theesatisfaction:

#BlackWeirdo #41 Tatyana Fazlalizadeh, creator of the powerful “Stop Telling Women To Smile” imagery

theesatisfaction:

#BlackWeirdo #41 Tatyana Fazlalizadeh, creator of the powerful “Stop Telling Women To Smile” imagery

dat-sick:

Artwork by Nikita Gale®, “I Almost Loved You” (2012)

dat-sick:

Artwork by Nikita Gale®, “I Almost Loved You” (2012)

lehaaz:

SHE JUST SHITTED ON ALL OF US

lehaaz:

SHE JUST SHITTED ON ALL OF US

Way Black When: My Favorite ‘Black’ TV shows from 1970s - 00s.

Good Times, Sandford and Son, The Jeffersons, Fat Albert, Diff’rent Strokes, 227, The Cosby Show, Amen, What’s Happening, Fresh Prince of Bel-Air, In the House, Hanging With Mr. Cooper, Homicide: Life on the Street, Moesha, Living Single, Martin, New York Undercover, The Hughleys, The Parenthood, The Steve Harvey Show, A Different World, Family Matters, Kenan & Kel, Cousin Skeeter, Smart Guy, Sister Sister, The Wayans Brothers, In Living Color, Static Shock, The Jamie Foxx Show, Girlfriends, Half & Half, One on One, The Proud Family, The Bernie Mac ShowAll of Us, My Wife & Kids, Eve, The Parkers, The Boondocks, Everybody Hates Chris, and The Game.

dynamicafrica:

Six Totally Unique Places to Visit in Africa:

The Big Pineapple
Bathurst, Eastern Cape, South Africa

If you’ve ever wondered where you can find the world’s largest artificial pineapple, your curious mind needn’t ponder anymore. Located about 55km from Grahamstown, the 16,7m-high attraction was created by members of the local agriculture community in Bathurst as a way of displaying their love for this tasty fruit as it grows in high abundance in the area.

Constructed and erected between 1990 and 1992, the Big Pineapple came into fruition on Summerhill Estate after a few of the local farmers went to the Sunshine Coast of Australia, saw their Big Pineapple, copied the idea and made an even bigger and better version.

Lake Reba/Lac Rose
Cap Vert Peninsula, Senegal

There aren’t many places in the world where you can see a pink lake. In fact, there are only two countries that host these incredible cotton candy-tinted waters. Aside from Australia’s Lake Hillier, Senegal’s Lac Rose is the only other of its kind in the world.

Less than an hour away from the capital city of Dakar, Lake Retba is separated only by some narrow dunes from the Atlantic Ocean. It gets its colour from Dunaliella salina, a type of algae that is attracted by the lake’s high salt content reaching as high as 40% in some areas. The bacteria produces a red pigment in order to absorb the sunlight which gives the lake its unique pink hue. Its saline content is comparable to that of the Dead Sea’s and exceeds it during the dry season (November to June). And yes, that means exactly what you think it does - you can float easy if you enter the lake.

Thanks to its high salt content, not many organisms can survive in the lake, which makes it useful for salt production. So if you visit the lake, you’ll also happen upon salt collectors in the area extracting this precious condiment from the bottom of the lake by hand.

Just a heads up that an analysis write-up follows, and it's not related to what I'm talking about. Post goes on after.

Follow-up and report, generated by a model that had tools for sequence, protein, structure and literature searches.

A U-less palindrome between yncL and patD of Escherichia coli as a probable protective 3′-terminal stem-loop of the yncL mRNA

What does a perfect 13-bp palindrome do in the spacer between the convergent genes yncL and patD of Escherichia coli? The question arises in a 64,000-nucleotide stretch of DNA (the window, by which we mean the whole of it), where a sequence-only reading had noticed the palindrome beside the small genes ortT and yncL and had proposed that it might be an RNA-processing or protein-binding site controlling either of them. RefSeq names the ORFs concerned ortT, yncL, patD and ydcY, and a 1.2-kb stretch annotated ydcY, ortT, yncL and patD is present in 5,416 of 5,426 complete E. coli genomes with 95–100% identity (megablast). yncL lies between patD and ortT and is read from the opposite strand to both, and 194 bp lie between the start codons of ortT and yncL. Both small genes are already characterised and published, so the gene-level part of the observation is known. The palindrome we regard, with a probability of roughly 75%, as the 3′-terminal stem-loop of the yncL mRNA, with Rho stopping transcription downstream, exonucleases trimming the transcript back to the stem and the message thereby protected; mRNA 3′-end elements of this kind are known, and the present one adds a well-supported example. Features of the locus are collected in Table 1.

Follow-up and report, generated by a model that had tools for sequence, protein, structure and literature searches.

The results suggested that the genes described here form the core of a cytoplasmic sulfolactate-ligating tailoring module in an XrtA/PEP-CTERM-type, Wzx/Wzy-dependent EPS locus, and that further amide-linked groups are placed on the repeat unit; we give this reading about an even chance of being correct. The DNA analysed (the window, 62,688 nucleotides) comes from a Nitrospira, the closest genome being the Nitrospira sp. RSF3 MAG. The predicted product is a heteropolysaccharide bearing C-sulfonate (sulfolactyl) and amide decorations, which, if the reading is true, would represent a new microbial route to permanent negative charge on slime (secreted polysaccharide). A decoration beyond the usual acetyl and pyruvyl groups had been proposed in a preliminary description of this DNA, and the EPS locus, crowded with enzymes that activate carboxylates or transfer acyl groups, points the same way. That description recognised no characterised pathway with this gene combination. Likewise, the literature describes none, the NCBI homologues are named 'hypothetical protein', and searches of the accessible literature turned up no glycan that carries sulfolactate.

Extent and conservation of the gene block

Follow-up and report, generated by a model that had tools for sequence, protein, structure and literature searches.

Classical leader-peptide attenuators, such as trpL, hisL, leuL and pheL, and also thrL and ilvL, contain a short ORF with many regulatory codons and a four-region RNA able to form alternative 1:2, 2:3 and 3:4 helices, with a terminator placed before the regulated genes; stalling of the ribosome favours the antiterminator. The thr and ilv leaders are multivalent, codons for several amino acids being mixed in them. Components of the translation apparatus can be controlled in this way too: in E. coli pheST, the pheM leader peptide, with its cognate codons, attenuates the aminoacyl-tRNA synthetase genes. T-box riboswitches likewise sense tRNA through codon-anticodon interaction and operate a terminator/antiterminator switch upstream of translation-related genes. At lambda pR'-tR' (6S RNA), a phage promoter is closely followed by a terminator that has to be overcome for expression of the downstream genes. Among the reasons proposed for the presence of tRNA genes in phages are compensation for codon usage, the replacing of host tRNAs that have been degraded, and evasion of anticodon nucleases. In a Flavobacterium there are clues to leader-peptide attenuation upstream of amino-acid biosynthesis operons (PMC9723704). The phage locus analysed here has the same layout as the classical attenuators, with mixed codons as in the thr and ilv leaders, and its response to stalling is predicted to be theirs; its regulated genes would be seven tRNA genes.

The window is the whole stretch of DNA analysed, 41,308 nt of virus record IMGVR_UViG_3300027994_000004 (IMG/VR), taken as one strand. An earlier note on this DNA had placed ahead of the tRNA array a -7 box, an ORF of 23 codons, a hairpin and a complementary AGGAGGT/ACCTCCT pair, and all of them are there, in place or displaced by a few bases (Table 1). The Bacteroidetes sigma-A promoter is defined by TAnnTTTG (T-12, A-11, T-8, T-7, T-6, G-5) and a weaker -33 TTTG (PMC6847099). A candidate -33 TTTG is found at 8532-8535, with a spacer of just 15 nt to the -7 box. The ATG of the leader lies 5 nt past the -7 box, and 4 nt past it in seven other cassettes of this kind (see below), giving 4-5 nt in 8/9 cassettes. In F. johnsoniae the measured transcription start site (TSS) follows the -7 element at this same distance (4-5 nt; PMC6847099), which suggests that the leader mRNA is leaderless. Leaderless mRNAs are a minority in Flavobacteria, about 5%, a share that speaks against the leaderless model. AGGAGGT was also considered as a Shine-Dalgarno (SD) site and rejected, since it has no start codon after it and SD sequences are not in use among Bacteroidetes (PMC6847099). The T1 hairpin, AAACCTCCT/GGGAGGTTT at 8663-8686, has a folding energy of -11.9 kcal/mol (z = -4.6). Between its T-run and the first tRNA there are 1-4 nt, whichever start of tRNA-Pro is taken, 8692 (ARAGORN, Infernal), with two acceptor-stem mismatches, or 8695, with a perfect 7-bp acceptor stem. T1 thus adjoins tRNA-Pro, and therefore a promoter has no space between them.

Chefchaouen
Chefchaouen, Morocco.

Rinsed in various hues of stand-out blues, this northwestern Moroccan city of ‘Chaouen’ (as it is often called by Moroccans) has become one of the most instantly recognized cities in the world, as well as a popular tourist destination. Yet, there is a rich history to the place that isn’t always as well known.

Situated in the Rif Mountains was originally founded in 1471, as a small fortress, by Moorish exiles from Spain, led by Moulay Ali Ben Moussa Ben Rached El Alami, to fight the Portuguese invasions of northern Morocco. It also became one of the few areas where Moriscos and Jews sought refuge in this mountainous city after the Spanish Reconquista in medieval times. In 1920, the Spanish seized Chefchaouen to form part of Spanish Morocco. With Morocco’s independence in 1956, the city was ‘returned’ and is known a part of modern-day Morocco.

The name of the area refers to the shape of the mountain tops above the town, that look like the two horns (chaoua) of a goat. “Chef Chaouen" derives from the Berber word for horns, Ichawen. The countryside around it has a reputation for being a prolific source of kief. The Chefchaouen region is one of the main producers of cannabis in Morocco. Hashish is subsequently sold all over town, but is mostly the domain of native Chaouenis.

Apparently, the town is painted blue to ward off mosquitoes.

The Rock Restaurant
Michanwi Pingwe beach, Zanzibar

It really isn’t hard to sell a place like this. What’s fancier than eating at a seafood restaurant atop a rock? I mean, you even have to take your shoes off before entering it. Whether you go for the food, location or both, it’s bound to be a memorable experience.

Avenue of the Baobabs
Menabe. Madagascar

One can only imagine that this place is as incredible as it looks. This dirt road between Morondava and Belon’i Tsiribihina in western Madagascar is lined and surrounded by majestic fort-like Baobab trees that are up to 800 years old and around 30 meters high. What’s more is that this particular species of baobab tree, of which there are nine in total, is endemic to Madagascar making the place all the more unique.

Meroë Pyramids
Shendi, Sudan

As much recognition, and deservedly so, that the pyramids of Giza, Egypt, receive, Sudan’s Nubian pyramids are a site to behold themselves. These architectural and archaeological feats are a testament to the greatness of the once formidable city of Meroë, the capital city of the now ancient Kingdom of Kush. From around